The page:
COLUMBUS, Ohio – After the holidays, live-cut Christmas trees can be repurposed as habitat for all sorts of terrestrial and aquatic animals, according to the Ohio Department of Natural Resources (ODNR) Division of Wildlife. Before you discard your tree, remember that it can find life after Christmas for Ohio’s birds, fish, mammals, and more.
Recycled live-cut Christmas trees are used as fish habitat in both public and private waters. Christmas trees are donated to the Division of Wildlife by community recycling and drop-off programs. The trees are bundled together and weighed down so they sink to the bottom, attracting fish and providing cover.
Live-cut Christmas trees can be repurposed as habitat for all sorts of terrestrial and aquatic animals, including dark-eyed juncos.
Sunken trees provide structure for many baitfish, which in turn attract sport fish. Decomposing trees also feed zooplankton, which provide food for aquatic invertebrates and attract larger fish. Private pond owners may also want to consider repurposing trees to add habitat to their ponds. Many species are attracted to this dense cover, including crappie, bluegill, and largemouth bass.
Each winter, Christmas trees are placed at select wildlife areas and public lakes around Ohio, which vary year to year. An interactive lake map showing where trees are placed as fish attractors is available at wildohio.gov and on the HuntFish OH mobile app. Anglers can target these spots, which are often productive for both panfish and their larger predators.
A live-cut Christmas tree can also be recycled as the centerpiece of a wildlife-friendly brush pile. Place the tree in a selected location and stack limbs around it in a square arrangement, layering more brush until a desired height is reached. Cover the top with additional brush to create a unique and valuable shelter for small animals.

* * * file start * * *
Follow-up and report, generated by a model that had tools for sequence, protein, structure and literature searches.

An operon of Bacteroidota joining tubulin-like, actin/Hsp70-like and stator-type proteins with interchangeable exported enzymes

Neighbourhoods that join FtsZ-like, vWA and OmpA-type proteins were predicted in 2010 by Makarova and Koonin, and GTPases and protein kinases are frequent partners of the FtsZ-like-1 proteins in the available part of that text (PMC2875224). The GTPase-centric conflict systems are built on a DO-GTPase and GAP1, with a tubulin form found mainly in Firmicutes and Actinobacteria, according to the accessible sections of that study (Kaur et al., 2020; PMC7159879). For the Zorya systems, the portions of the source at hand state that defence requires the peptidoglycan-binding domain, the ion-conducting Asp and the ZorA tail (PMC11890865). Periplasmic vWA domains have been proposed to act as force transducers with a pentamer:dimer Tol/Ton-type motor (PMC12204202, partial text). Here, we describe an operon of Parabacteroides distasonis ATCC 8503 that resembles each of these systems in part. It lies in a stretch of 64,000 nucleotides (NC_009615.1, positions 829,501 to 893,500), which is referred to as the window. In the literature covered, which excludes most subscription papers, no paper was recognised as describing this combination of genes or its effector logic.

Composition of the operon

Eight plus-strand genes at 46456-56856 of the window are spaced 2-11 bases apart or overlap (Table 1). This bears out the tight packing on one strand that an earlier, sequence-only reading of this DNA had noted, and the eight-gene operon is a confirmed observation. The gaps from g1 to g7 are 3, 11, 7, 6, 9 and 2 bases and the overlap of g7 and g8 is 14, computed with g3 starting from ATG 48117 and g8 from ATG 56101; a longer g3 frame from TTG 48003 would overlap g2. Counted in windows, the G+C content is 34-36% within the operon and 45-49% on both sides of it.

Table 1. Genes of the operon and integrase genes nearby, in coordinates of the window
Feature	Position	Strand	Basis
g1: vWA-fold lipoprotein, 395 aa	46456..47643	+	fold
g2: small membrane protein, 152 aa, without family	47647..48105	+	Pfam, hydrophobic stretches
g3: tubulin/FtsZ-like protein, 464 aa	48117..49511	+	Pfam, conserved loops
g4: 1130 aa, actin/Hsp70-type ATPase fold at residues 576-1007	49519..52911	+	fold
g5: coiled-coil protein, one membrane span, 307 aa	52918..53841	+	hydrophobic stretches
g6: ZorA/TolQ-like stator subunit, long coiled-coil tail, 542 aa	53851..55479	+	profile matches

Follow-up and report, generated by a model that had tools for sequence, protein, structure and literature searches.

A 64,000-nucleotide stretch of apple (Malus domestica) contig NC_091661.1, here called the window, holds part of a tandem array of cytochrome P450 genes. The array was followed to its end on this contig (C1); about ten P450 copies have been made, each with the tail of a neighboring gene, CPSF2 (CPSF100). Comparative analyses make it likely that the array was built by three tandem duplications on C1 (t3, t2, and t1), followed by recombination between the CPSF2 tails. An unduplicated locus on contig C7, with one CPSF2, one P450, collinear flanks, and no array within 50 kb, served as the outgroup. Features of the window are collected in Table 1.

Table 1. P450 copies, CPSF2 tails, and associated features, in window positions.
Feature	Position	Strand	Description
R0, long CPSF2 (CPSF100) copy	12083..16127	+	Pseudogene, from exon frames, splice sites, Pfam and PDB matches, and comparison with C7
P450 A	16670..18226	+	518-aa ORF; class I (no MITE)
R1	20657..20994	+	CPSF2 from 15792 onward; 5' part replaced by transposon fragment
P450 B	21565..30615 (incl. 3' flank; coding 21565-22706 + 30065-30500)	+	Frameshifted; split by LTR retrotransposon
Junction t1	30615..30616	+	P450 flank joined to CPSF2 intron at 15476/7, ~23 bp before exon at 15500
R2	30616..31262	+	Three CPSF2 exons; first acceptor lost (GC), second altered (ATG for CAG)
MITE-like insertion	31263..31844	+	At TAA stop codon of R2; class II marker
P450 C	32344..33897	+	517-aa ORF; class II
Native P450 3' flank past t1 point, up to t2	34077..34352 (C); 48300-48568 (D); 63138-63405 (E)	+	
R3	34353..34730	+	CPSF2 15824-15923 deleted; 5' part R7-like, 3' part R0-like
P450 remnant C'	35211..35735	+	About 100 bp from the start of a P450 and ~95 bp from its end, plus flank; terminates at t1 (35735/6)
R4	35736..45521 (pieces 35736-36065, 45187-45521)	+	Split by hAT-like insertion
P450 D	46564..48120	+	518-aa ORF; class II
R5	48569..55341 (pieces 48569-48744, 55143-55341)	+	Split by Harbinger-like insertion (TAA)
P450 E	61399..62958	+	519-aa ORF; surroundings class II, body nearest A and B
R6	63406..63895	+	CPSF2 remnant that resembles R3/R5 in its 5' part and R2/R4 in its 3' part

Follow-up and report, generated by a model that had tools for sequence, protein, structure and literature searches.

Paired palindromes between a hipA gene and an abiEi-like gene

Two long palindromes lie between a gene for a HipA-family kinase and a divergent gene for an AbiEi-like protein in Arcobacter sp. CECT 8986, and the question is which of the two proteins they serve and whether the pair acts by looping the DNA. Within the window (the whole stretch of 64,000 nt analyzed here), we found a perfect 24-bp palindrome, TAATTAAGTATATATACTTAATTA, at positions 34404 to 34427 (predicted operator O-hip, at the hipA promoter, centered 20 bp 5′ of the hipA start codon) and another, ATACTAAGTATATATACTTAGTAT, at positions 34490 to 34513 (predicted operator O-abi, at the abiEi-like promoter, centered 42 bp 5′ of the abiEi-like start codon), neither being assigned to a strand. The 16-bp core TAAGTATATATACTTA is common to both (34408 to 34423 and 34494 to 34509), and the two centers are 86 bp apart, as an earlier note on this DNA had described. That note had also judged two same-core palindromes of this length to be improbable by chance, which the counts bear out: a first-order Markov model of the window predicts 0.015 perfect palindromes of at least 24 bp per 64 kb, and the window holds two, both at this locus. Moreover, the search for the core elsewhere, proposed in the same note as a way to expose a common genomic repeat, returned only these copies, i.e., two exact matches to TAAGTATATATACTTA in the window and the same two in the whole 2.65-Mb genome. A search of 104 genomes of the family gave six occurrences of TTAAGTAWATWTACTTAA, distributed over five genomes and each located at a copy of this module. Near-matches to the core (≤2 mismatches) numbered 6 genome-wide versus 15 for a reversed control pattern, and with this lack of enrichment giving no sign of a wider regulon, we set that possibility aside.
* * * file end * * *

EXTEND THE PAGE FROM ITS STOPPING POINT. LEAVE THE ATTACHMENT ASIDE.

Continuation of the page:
Songbirds, including cardinals, chickadees, titmice, nuthatches, and wrens travel in and out of brush piles for food, nesting, and to escape predators. Small mammals, such as rabbits and chipmunks, also use brush piles for shelter and raising young. Brush piles are valuable shelter for overwintering insects like bees, moths, and butterflies, as well.
Live-cut Christmas trees are also useful as compost, mulch, and more. Here are some options for your live-cut Christmas tree following the holidays:
- The Mahoning County Green Team collects trees at designated drop-off sites until Jan. 31, 2024. Cut trees are used for fish and wildlife habitat in partnership with ODNR.
- The City of Chillicothe picks up trees for residents with regular curbside garbage service between January 2 and 31, 2024. The trees will be repurposed for fish and wildlife habitats in partnership with ODNR.
- Lawrence County residents can drop their trees at designated locations for collection by Wayne National Forest staff. The trees will be used for fish structure in coordination with the Division of Wildlife.
- Caesar Creek State Park, 8570 E. State Route 73, Waynesville. Drop off your undecorated tree at the North Pool Boat Ramp until Jan. 21, 2024.
Before repurposing or disposing of a live-cut Christmas tree, remember to remove all trimmings including tinsel, garland, lights, and ornaments as these can be harmful to the environment and wildlife. Please obtain proper permission before discarding your tree on public or private property. Discarding trees without permission could result in a litter violation.
Interested in learning more about the fish and wildlife near you? Check out the Division of Wildlife’s collection of field guides and follow us on Twitter and Facebook for instant news stories, outdoor recreation ideas, and local wildlife information.
The mission of the Division of Wildlife is to conserve and improve fish and wildlife resources and their habitats for sustainable use and appreciation by all. Visit wildohio.gov to find out more.
ODNR ensures a balance between wise use and protection of our natural resources for the benefit of all. Visit the ODNR website at ohiodnr.gov.